Some major warning signs:

  • Loud, disruptive and chronic snoring nightly
  • Choking, snorting, or gasping during sleep
  • Extended breaks and pauses in breathing
  • Waking up at night feeling short of breath
  • General overall fatigue throughout the day, no matter how much time you spend in bed

Other symptoms can include:

  • Waking up with a dry mouth or sore throat
  • Frequent nighttime awakenings, insomnia or restless sleep habits
  • Frequent nighttime trips to the bathroom
  • Forgetfulness and difficulty concentrating
  • Increased moodiness, irritable, or depressed
  • Morning headaches
  • Impotence

Often people ask whether it is sleep apnea or just loud snoring. The biggest difference between sleep apnea and snoring is how you feel the next  day. Regular snoring doesn’t interfere with the quality of your sleep as much as sleep apnea does, so you’re less likely to suffer from extreme fatigue and sleepiness throughout your day.

Causes of sleep apnea can include:

Anyone can have sleep apnea, you do have a higher risk for obstructive sleep apnea if you’re:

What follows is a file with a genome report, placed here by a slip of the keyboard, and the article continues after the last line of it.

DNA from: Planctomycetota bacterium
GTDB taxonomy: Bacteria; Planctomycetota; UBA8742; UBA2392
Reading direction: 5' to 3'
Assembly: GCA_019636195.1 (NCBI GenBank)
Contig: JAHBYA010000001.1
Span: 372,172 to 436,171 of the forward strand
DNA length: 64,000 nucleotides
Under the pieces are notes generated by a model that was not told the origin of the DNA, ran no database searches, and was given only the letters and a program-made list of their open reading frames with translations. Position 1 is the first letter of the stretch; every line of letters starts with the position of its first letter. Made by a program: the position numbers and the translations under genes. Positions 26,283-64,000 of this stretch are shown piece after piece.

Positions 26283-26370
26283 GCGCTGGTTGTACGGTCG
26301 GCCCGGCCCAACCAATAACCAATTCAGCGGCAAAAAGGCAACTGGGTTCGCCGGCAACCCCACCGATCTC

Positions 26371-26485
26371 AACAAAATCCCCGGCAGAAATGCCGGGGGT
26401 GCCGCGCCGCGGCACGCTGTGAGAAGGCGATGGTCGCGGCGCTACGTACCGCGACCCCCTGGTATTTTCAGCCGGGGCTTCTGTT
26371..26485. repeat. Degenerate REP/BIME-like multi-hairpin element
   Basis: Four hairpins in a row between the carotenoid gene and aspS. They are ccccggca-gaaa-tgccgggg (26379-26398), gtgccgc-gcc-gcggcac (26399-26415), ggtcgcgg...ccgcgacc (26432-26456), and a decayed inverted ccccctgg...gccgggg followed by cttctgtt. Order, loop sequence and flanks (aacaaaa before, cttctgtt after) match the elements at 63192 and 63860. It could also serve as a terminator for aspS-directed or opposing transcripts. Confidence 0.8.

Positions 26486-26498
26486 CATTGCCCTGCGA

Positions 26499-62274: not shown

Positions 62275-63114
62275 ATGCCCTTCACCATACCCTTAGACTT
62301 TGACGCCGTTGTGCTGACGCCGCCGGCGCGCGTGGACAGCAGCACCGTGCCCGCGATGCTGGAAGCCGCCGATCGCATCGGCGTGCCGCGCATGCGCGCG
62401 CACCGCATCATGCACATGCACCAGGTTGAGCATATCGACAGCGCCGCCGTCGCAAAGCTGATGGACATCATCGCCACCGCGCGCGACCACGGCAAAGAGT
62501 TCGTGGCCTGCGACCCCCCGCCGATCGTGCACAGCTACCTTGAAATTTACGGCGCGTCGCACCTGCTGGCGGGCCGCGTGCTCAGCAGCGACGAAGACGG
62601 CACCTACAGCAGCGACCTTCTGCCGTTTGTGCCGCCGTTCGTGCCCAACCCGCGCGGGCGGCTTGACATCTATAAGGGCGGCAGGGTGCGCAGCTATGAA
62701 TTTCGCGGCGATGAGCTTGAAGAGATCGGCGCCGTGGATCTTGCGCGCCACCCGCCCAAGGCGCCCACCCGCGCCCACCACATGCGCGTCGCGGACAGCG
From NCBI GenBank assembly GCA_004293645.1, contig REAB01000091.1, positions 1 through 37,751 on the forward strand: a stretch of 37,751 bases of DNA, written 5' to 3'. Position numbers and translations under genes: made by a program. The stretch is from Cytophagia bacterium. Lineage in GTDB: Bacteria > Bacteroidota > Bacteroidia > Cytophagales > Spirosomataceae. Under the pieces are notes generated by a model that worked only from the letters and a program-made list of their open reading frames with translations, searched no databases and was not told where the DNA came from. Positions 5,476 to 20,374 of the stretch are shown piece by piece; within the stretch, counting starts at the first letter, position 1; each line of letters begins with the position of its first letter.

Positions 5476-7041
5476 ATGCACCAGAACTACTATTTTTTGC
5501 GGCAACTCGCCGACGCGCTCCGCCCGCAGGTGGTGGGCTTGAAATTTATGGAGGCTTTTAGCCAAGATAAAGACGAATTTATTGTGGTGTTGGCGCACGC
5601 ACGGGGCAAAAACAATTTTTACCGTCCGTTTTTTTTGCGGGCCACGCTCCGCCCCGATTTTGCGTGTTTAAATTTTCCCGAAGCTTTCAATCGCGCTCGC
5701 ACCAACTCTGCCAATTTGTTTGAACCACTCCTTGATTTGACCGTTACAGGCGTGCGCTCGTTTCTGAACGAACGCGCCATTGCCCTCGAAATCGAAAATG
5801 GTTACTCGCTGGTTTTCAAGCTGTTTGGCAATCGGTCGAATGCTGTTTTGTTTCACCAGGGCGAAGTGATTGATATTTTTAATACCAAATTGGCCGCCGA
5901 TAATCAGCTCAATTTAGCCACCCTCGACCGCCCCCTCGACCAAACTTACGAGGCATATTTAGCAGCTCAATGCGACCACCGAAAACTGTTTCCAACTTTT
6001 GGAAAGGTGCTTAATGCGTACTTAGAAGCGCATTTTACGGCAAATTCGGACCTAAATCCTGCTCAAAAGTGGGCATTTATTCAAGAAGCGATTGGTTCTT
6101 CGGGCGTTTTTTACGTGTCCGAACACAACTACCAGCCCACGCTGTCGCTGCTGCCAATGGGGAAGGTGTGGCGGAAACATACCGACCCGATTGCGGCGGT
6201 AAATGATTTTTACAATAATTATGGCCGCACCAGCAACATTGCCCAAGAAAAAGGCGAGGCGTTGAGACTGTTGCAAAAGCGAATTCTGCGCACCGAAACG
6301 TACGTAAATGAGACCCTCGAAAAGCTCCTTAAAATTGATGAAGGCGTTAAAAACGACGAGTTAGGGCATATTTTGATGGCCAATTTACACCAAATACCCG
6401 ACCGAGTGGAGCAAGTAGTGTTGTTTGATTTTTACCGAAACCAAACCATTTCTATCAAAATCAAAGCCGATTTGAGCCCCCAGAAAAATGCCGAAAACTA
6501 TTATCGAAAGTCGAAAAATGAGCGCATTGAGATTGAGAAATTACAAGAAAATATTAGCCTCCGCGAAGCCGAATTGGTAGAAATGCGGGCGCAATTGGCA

• Overweight, male, with a family history of sleep apnea issues
  • Over the age of 50, a smoker, affected by high blood pressure
  • Black, Hispanic, or a Pacific Islander
  • Someone with a neck circumference greater than 15.75 inches (40 cm)

Some other physical attributes that could put you at risk for obstructive sleep apnea include a deviated septum, receding chin, or enlarged tonsils. Your airway may be getting blocked or narrowed while you’re sleeping, basically because your throat muscles relax more than normal. If you have allergies or other medical conditions that cause nasal congestion and blockage can also contribute to sleep apnea.